Troy Vincent, the NFL’s Executive Vice President of football operations, was one of the toughest players in the league during his 16-year career with teams like the Miami Dolphins, Philadelphia Eagles and Buffalo Bills. But he got (rightfully) emotional during a recent appearance with ESPN Radio’s Keyshawn, JWill & Zubin when discussing his reaction to the protests going on around pro sports over the Black Lives Matter movement.
When asked by another one of his former NFL counterparts, Keyshawn Johnson, Troy Vincent didn’t mince words, and delivered a powerful statement about what life’s like for he and his three sons in America right now. Take a look below.
"This shit has got to end."
NFL EVP of Football Operations Troy Vincent today to ESPN Radio's Keyshawn, JWill & Zubin.pic.twitter.com/RwqDGfYTyp
— Michael McCarthy (@MMcCarthyREV) August 27, 2020
“This shit is — it’s gotta end,” Vincent said. “I’m so proud of these young boys. These young men and women. They did things I didn’t think about doing. I always walked for the community but during my time we thought we had a handle on it and obviously we didn’t.”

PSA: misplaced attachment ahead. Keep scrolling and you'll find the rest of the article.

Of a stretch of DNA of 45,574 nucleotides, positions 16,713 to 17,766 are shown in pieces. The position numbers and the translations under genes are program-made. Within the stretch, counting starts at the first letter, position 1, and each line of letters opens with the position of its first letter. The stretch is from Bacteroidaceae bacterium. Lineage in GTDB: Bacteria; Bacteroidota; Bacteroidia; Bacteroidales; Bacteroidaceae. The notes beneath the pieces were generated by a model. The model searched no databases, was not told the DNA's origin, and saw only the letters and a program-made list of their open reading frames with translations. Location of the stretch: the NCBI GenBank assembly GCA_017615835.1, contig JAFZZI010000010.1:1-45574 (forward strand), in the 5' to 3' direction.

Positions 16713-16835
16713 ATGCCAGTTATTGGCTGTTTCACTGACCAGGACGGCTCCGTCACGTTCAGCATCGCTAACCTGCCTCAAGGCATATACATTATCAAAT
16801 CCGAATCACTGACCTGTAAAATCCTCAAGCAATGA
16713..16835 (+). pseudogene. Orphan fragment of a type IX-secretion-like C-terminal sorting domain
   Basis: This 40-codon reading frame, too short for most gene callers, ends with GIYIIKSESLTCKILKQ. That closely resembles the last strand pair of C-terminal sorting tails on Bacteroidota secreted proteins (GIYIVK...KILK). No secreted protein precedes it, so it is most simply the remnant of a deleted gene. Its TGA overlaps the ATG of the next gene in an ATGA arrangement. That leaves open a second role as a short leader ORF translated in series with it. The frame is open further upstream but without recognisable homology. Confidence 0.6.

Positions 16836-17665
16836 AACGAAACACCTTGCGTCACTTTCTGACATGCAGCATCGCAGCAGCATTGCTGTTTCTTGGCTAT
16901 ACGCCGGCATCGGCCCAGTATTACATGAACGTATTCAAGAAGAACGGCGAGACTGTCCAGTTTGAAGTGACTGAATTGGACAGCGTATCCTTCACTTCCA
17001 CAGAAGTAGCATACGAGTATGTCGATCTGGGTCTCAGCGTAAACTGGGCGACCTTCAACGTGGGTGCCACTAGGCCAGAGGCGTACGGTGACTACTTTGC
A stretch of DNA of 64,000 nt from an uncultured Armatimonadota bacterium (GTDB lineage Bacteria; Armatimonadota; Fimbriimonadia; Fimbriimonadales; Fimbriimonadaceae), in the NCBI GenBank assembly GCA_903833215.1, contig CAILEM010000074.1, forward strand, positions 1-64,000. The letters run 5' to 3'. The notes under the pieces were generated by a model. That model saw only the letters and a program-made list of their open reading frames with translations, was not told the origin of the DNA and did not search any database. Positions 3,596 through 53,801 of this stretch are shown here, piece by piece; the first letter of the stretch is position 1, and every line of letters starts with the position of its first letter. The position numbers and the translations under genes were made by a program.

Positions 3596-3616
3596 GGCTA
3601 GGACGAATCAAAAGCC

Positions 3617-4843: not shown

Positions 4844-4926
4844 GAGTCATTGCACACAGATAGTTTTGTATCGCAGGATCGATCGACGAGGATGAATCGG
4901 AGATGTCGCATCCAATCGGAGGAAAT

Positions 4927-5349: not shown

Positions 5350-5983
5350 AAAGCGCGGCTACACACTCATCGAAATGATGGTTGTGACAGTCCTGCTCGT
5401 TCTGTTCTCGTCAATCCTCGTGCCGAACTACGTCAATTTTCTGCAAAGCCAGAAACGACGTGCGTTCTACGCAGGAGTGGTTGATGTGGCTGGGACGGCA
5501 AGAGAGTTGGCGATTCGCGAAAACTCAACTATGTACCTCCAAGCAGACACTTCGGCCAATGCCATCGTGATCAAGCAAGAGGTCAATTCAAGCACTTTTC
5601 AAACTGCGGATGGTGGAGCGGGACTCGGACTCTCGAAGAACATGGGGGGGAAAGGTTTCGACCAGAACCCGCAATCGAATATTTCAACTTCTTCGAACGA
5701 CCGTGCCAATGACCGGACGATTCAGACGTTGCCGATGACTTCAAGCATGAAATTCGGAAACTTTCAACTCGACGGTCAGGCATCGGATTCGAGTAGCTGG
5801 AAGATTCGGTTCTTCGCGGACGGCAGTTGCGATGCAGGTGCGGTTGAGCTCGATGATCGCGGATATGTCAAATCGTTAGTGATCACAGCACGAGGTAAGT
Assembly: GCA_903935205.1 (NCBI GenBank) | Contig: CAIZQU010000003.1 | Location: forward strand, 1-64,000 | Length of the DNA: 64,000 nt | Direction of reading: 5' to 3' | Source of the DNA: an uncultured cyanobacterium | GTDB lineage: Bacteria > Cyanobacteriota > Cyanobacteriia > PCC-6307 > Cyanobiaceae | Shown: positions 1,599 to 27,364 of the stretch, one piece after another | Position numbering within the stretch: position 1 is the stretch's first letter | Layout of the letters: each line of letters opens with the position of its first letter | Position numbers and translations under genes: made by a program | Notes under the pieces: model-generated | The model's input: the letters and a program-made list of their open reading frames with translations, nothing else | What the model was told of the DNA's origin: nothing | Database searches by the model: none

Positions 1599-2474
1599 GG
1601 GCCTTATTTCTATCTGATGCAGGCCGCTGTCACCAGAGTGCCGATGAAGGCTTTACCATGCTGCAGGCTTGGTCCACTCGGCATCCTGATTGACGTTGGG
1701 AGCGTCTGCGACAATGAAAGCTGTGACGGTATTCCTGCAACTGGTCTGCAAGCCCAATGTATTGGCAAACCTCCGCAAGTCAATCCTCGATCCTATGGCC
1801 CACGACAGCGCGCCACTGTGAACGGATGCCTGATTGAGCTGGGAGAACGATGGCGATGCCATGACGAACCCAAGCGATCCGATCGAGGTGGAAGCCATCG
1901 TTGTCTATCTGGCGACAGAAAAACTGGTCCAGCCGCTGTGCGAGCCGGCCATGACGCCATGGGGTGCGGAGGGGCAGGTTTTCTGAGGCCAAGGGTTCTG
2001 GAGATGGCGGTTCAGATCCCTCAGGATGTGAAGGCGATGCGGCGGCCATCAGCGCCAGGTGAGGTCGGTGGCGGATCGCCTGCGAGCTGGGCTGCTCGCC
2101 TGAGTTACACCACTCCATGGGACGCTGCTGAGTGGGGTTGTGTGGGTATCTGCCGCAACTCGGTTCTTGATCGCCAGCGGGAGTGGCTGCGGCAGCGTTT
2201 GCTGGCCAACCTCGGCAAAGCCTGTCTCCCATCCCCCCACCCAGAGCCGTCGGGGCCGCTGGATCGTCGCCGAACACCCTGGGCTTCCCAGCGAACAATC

“[W]hen I saw Doc Rivers and Lebron [James] and George Hill, I think about my three boys and I’m sitting up here every day having about contact tracing and how we’re gonna play ball, and I got a 22-year-old and 20-year-old and a 15-year-old that I’m trying to prevent from being hunted,” Vincent said.
I don’t care what side of the political spectrum you’re on, or what you believe in, what Troy Vincent said strikes a nerve for anybody who has a pulse. Those tears are real. That fear and emotion in his voice isn’t staged. The raw statement is something that should give everybody an idea with how different things are for groups of people in the country right now.
Vincent used the words “getting hunted” when describing his duty as a dad from protecting his three sons anytime they leave the house. That’s heartbreaking, and something that we often don’t see from those in leadership positions very often — especially in a league like the NFL.
As a former player, it’s wild to hear Troy Vincent compare his own situation to what pro athletes are doing these days to force change. With a wider platform thanks to social media and news coverage in general, the current NFL executive mentioned how his generation barely scratched the surface on issues like this — and it’s clear by his interview with ESPN Radio that he’s proud of how far things have come in terms of athletes speaking up.